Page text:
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Mental Imagery
Chapter 10
Historical Overview
3 basic ages of mental imagery:
– the prescientific period known as the
philosophic period
– the measurement period
– the cognitive and neurocognitive period
Current debate...
Is visual imagery really visual or is it
governed by general-purpose cognitive
– When I “image” a tree, the same (or very
similar) neurons/processes are activated
as when I originally saw the tree
– Representations used in imagery are not
the same as those used in real
3 Theories...
1. Pavio’s Dual-Coding Hypothesis
2. Conceptual-Propositional Hypothesis
3. Functional-Equivalency hypothesis
Paivio's Dual-Coding Theory
The basic tenant of this theory is that
information is mentally represented
either in a verbal system or a nonverbal
(analogical) system (or both).
– Each system contains different kinds of
– Each concept is connected to other related
concepts in the same system and the other
– Activating any one concept also leads to activation
of closely related concepts.
Basic Result: Paivio (1971)
Give S's a long list of pictures or words
to remember.
Later, test memory with either a recall or
recognition memory test.
– S's recall more pictures than words.
Basic Result: Paivio (1971)
1) The Imagen system has superior
memory abilities to the Logogen
2) Representing ideas in both systems is
superior to representing ideas in only
one system.
Basic Result: Paivio (1971)
which of the explanations is correct?
– Compare:
• Memory for Verbalizable and Nonverbalizable
• High-Imagability words (e.g., DESK) and LowImagability words (e.g., EFFORT).
• S's instructed to form mental images of words
and S's not instructed to form images of words.
Results: Across all these situations, the
evidence consistently supports claim that
having two representations = superior memory.
Can using dual coding ever
interfere with/disrupt memory?
Schooler & Engstrom-Schooler (1990)
– S's are shown a videotaped robbery. (This
creates a visual memory.)
– S's then either:
1) Are asked to imagine the robber.
2) Are asked to describe the robber.
3) Are asked to do a series of math problems.
– S's complete a recognition memory test
picking the robber out of a lineup of eight
Results:Creating two codes can disrupt memory for
information that is only represented in one code.
Another example: Wilson & Schooler (1991)
S's tasted different kinds of strawberry
jam and either:
– thought about it's taste
– described it's taste.
S's then rated the quality of each jam.
hypothesis (Anderson and Bower)
Taking conservation approach, claimed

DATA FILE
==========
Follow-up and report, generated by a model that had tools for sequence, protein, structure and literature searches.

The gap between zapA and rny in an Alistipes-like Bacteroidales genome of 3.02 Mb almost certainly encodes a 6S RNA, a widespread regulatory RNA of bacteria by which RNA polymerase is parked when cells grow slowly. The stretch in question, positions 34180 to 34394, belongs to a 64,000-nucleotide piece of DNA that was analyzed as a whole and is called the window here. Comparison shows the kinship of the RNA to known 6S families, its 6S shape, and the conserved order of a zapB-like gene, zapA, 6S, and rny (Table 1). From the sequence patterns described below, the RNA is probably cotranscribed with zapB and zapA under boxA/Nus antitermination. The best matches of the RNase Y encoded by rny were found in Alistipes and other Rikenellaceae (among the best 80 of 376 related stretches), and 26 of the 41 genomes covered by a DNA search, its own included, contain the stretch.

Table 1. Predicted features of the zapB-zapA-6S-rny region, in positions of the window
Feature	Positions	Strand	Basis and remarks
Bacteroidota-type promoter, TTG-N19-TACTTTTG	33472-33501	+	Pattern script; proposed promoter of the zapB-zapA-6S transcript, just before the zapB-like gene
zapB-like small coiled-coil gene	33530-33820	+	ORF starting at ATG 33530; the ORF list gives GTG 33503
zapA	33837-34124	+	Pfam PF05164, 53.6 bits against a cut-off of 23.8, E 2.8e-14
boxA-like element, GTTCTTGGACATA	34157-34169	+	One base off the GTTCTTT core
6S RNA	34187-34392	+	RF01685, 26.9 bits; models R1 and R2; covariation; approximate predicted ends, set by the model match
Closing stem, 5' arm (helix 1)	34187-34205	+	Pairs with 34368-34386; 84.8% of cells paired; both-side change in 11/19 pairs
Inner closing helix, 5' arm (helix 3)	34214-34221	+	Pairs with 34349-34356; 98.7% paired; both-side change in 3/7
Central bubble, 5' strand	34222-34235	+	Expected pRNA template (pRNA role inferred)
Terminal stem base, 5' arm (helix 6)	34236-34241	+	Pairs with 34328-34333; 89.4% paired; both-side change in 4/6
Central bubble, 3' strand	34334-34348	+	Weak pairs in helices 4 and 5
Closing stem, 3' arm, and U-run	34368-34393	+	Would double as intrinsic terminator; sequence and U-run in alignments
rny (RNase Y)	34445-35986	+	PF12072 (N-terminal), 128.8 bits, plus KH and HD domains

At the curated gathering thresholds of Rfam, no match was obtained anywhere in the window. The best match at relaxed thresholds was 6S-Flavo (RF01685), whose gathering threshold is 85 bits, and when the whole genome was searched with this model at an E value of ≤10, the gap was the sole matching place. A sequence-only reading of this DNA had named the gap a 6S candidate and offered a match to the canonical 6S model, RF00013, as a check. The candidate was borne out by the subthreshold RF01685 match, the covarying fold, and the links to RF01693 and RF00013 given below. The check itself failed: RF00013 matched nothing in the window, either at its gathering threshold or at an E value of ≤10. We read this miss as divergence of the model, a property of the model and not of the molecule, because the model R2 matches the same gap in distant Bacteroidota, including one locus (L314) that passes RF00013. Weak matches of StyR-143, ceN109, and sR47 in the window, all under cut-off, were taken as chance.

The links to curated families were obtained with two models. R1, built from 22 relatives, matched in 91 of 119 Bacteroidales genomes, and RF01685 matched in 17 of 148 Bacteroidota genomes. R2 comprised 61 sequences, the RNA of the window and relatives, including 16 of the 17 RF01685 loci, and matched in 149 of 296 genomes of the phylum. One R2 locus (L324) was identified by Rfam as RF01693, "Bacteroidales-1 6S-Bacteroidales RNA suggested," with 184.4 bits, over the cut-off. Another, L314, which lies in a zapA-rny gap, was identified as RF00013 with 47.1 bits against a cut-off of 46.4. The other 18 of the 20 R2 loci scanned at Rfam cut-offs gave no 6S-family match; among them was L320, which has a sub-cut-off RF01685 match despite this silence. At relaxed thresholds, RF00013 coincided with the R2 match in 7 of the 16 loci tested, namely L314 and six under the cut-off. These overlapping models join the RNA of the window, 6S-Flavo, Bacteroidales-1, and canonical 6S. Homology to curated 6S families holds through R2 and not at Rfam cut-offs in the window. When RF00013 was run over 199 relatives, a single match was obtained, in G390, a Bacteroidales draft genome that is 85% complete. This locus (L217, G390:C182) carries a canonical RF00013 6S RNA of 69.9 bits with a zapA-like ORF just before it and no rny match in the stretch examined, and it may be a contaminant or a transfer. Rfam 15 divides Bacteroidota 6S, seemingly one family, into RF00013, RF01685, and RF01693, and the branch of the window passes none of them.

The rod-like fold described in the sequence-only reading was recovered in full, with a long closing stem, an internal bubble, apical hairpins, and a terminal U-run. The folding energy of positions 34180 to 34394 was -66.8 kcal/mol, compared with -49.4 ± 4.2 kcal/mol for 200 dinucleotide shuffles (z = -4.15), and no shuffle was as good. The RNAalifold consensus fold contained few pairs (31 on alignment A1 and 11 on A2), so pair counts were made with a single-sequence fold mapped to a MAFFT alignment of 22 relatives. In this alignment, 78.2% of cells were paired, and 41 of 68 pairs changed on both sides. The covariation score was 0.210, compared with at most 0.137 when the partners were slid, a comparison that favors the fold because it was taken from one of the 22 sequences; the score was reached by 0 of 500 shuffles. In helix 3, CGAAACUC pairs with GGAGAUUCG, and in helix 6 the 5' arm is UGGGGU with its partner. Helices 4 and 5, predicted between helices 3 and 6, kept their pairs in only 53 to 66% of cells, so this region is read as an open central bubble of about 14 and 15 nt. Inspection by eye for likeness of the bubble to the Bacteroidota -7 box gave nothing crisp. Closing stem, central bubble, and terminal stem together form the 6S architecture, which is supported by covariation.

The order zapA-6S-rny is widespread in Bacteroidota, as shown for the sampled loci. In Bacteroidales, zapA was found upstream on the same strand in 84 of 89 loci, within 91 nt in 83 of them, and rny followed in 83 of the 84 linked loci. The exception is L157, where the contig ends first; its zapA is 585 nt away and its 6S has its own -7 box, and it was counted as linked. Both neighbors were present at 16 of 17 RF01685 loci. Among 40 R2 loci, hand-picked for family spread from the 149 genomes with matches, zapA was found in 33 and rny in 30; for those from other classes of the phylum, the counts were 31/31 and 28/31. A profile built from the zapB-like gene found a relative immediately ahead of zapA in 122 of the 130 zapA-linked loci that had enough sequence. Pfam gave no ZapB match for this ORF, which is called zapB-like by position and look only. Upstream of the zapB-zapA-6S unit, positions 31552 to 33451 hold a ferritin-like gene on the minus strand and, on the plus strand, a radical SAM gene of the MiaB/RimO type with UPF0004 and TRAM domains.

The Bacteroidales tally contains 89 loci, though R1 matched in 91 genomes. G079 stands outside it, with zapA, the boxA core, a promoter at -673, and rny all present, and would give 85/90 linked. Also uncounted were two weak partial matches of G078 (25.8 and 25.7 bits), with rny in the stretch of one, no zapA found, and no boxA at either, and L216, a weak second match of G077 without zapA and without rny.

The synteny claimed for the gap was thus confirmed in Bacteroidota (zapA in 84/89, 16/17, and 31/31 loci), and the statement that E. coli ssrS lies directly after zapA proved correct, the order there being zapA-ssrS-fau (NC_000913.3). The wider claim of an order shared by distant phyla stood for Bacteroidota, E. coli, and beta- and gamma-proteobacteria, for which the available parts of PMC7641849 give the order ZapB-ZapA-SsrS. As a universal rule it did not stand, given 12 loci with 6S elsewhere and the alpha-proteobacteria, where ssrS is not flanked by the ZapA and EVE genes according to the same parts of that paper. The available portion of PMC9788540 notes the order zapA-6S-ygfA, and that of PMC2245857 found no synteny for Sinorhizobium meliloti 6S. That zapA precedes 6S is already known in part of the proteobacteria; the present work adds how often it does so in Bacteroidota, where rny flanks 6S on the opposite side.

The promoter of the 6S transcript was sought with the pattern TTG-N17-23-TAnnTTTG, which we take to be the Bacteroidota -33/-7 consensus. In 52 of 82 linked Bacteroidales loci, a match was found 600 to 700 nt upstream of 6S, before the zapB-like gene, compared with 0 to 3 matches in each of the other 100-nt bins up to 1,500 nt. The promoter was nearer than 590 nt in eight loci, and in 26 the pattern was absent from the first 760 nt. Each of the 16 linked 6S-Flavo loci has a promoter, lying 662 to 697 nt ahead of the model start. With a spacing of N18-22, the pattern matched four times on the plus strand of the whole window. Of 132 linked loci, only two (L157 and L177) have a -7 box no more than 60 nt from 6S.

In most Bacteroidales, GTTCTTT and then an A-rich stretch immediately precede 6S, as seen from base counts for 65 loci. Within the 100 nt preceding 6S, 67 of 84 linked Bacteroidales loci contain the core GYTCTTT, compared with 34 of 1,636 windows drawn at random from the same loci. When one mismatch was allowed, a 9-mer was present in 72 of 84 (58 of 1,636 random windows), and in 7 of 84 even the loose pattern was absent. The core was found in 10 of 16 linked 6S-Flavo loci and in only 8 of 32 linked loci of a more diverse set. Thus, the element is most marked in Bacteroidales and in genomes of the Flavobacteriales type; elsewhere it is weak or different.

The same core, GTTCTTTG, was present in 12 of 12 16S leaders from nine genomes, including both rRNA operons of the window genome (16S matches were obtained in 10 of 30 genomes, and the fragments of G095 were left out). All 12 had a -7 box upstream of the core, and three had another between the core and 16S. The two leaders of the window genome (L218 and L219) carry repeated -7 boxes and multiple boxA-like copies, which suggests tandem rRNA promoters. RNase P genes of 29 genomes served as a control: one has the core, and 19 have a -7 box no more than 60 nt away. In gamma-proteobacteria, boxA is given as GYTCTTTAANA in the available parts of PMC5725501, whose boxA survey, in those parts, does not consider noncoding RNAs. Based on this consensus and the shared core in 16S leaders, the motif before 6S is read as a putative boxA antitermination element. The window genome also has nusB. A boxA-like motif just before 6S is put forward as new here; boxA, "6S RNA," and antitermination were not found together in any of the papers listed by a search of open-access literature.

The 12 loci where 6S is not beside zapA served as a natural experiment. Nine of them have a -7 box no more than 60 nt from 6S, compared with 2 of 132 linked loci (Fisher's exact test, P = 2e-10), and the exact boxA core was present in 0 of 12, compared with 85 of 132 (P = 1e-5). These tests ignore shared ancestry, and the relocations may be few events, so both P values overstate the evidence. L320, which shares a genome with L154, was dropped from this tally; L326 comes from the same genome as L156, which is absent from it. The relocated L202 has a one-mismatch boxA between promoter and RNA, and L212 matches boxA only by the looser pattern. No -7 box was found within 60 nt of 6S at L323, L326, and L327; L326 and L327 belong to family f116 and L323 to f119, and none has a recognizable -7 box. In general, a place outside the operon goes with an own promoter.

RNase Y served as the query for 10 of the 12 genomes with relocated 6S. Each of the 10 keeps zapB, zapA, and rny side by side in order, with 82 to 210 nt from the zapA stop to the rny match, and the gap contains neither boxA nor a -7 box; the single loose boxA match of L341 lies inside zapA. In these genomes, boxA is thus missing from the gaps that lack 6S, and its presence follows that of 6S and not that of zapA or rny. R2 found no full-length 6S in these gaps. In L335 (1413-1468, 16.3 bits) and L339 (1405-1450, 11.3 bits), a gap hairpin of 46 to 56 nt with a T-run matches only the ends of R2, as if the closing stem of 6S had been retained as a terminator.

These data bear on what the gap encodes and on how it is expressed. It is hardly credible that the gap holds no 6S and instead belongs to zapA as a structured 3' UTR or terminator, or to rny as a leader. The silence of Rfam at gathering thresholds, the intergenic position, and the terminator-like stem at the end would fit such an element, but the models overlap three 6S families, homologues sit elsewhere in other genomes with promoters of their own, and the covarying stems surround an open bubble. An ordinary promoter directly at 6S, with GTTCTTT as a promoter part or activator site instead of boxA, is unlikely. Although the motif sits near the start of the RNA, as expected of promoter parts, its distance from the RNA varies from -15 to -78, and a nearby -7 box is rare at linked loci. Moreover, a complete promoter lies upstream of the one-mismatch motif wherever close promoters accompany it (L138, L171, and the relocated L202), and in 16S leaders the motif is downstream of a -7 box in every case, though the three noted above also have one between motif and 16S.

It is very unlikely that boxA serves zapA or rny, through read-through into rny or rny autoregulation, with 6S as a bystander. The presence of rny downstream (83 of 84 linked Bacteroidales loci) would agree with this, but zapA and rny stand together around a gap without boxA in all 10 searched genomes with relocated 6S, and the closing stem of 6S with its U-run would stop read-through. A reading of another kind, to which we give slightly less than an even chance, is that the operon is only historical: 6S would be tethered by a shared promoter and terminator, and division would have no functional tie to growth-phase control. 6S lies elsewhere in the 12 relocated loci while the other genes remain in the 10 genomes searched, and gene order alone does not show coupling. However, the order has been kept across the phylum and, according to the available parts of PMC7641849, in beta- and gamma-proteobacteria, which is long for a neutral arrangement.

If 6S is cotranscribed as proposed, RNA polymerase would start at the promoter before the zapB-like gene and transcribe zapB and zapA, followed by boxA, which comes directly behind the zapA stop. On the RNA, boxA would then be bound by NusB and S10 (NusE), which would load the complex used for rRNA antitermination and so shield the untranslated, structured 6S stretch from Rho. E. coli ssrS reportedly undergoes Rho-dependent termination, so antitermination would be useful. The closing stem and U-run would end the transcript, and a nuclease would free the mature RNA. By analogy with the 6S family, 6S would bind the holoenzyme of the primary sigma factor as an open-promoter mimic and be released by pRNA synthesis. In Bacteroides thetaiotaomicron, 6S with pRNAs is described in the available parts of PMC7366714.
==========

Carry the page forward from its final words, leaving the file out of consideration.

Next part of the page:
wasn’t scientifically viable to suggest
that memories are carried in memory
like photos
hypothesis (Anderson and Bower)
we store interpretations of events,
whether they be verbal or visual, rather
than the imaginal components.
– Anderson and Bower explain that concrete
concepts are coded by a rich set of
predicates that bind concepts together.
..."the only difference between the internal
representation for a linguistic input and a
memory image is detail of information"
hypothesis (Anderson and Bower)
Anderson and Bower’s conceptualpropositional hypothesis is a good
model theoretically
– The hypothesis does have trouble
accounting for some imaginal processes
The functional-equivalency hypothesis
was first proposed by Shepard and
Kosslyn and states that imagery and
perception are extremely similar.
– Shepard and Kosslyn introduced mental
rotation of visual stimuli in memory.
• Relationship between time required for a
specific mental rotation and the actual degrees
of rotation
Visual images reflect internal
representations that operate in a way
that is analogous to the functioning of
the perception of physical objects.
Neurocogntitive Evidence
Many studies haven been done to
obtain neurocognitive evidence for
supporting the concept of mental
– People who have damage to the left
hemisphere have trouble with verbal
memory while patients with damage to the
right hemisphere have trouble with visual
findings support dual-coding hypothesis
Neurocogntitive Evidence
– Different areas of brain are associated with
different cognitive tasks
– visual imaginal tasks and vision seem to be
situated in similar locations in the brain
– visual imaginal tasks, which require
associative knowledge, activate brain
regions affiliated with memory and vision
Support functional-equivalency
cognitive map
a map that allows us to navigate
through the world.
– Thorndyke and Hays-Roth (1982) found
two types of knowledge that are used in
moving about from day to day:Route
Knowledge and Survey Knowledge.
cognitive map
Route knowledge is the knowledge that
we draw on for getting around.
– If I gave someone directions to my house, I
am using Route Knowledge.
Survey Knowledge is knowledge that
allows us to know understand the
general spatial relationships that are
– I could tell the person that my house was
south of the University.
cognitive map
Mental maps tend to be biased by the
person drawing them.
– In a map drawn by a student in Australia,
the Australian continent was at the top of
the map instead of the bottom.
Synesthesia: The Sound of
Synesthesia is a condition where
sensations usually experienced in a
single modality are experienced in two
– This conditiongive psychologists some very
interesting data and research.
– Some examples of synesthesia are
receiving an auditory signal or sensation in
a visual modality, where it obviously
shouldn’t be.
Synesthesia: The Sound of
Seeing the words to OVER THE RAINBOW, a form of synesthesia.